Food Styling Workshops: What is colour theory & why I use it in visual story telling

Colour theory is the foundation on which I base all my food styling and photography. It is the basic principle I use, and my foremost consideration on every shoot.

The colours of the food ( and the colour theory to be applied to that particular food ) will determine all the other styling elements, background and props, lighting and mood, composition and balance that I then use to build my visual story.

Colour theory is the strongest and most powerful tool in creating a food story in food styling.

But, I hear you ask, why exactly is colour theory?
There is really a lot of information on the web, and I suggest read through a few articles, in short, I think this quote is a good definition of what colour theory is.

“Color theory is a term used to describe the collection of rules and guidelines regarding the use of color in art and design, as developed since their early days. Color theory informs the design of color schemes, aiming at aesthetic appeal and the effective communication of a design message on both the visual level and the psychological level.

Modern color theory is heavily based on Isaac Newton’s color wheel, which displays three categories of colors: primary colors (red, blue, yellow), secondary colors (created by mixing two primary colors), and intermediate or tertiary ones (created by mixing primary and secondary colors). ” 
Interaction Design.Org

Colour theory in food styling plays a number of roles, firstly, and primarily is to create visual interest. We eat with our eyes, and an appealing or appetising image will immediately attract the viewers attention.

Secondly, the colours communicate as the quote above says, on a subliminal, or psychological level, for example brown, rust, orange and amber colours are considered warm colours and they communicate warmth, and the associations that go with that particular though emotion, such as comfort, down to earth, natural goodness, autumn, relaxed and mellow.  Green colours communicate the opposite message, the psychological associations with green are, spring, new, freshness, energetic, healthy and young.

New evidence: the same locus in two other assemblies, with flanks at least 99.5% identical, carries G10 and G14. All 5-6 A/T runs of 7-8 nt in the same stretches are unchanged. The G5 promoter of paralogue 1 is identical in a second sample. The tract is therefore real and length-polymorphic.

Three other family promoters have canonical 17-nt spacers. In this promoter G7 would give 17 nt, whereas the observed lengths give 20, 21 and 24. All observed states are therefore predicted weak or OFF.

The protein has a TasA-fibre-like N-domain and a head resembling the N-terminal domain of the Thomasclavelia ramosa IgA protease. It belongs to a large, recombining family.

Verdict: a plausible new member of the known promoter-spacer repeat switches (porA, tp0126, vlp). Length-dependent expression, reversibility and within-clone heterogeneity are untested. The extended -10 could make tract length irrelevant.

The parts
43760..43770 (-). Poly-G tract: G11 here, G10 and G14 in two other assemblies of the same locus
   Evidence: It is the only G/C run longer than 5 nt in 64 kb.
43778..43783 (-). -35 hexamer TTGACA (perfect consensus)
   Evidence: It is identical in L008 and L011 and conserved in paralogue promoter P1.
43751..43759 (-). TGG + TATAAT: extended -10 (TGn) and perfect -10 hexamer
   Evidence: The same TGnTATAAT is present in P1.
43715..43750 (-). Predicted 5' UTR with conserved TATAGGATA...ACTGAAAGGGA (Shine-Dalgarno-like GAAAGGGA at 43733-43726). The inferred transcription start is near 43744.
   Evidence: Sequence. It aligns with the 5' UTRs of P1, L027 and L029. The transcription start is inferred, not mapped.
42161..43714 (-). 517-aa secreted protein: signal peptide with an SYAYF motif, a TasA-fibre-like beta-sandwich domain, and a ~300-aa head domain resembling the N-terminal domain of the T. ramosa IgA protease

Different colours, and different colour combinations will therefore not only tell different stories, but also evoke different moods  provide context, and clues to your visual narration.

” Color theory is both the science and art of color. It explains how humans perceive color; how colors mix, match or clash; the subliminal (and often cultural) messages colors communicate.”  99 Designs

Based on the colour wheel, there are 2 fundamental basics which apply to food styling. Firstly the warm and cool colours on the colour wheel and what they communicate in terms of food and mood. If you were to look at the colour wheel and draw a circle down the middle you would divide the circle in half, splitting the colours of red, yellow, orange, from the blue, green, and purple. The red, orange and yellow colours are considered warm colours, and the blue, green, and purple colours are considered cool colours.  The principle of warm or cool colours is elementary to the visual narration, if you are styling a story around comfort foods, lovely homely soups, rustic artisan breads, and other wintery indulgences, it would be incongruent to use a blue background, and props. Blue is not a warm colour, so instead of evoking the feelings associated with warmth and comfort the story now looks odd, the visual clues are clashing, as opposed to bringing the story together, as they are telling two different stories.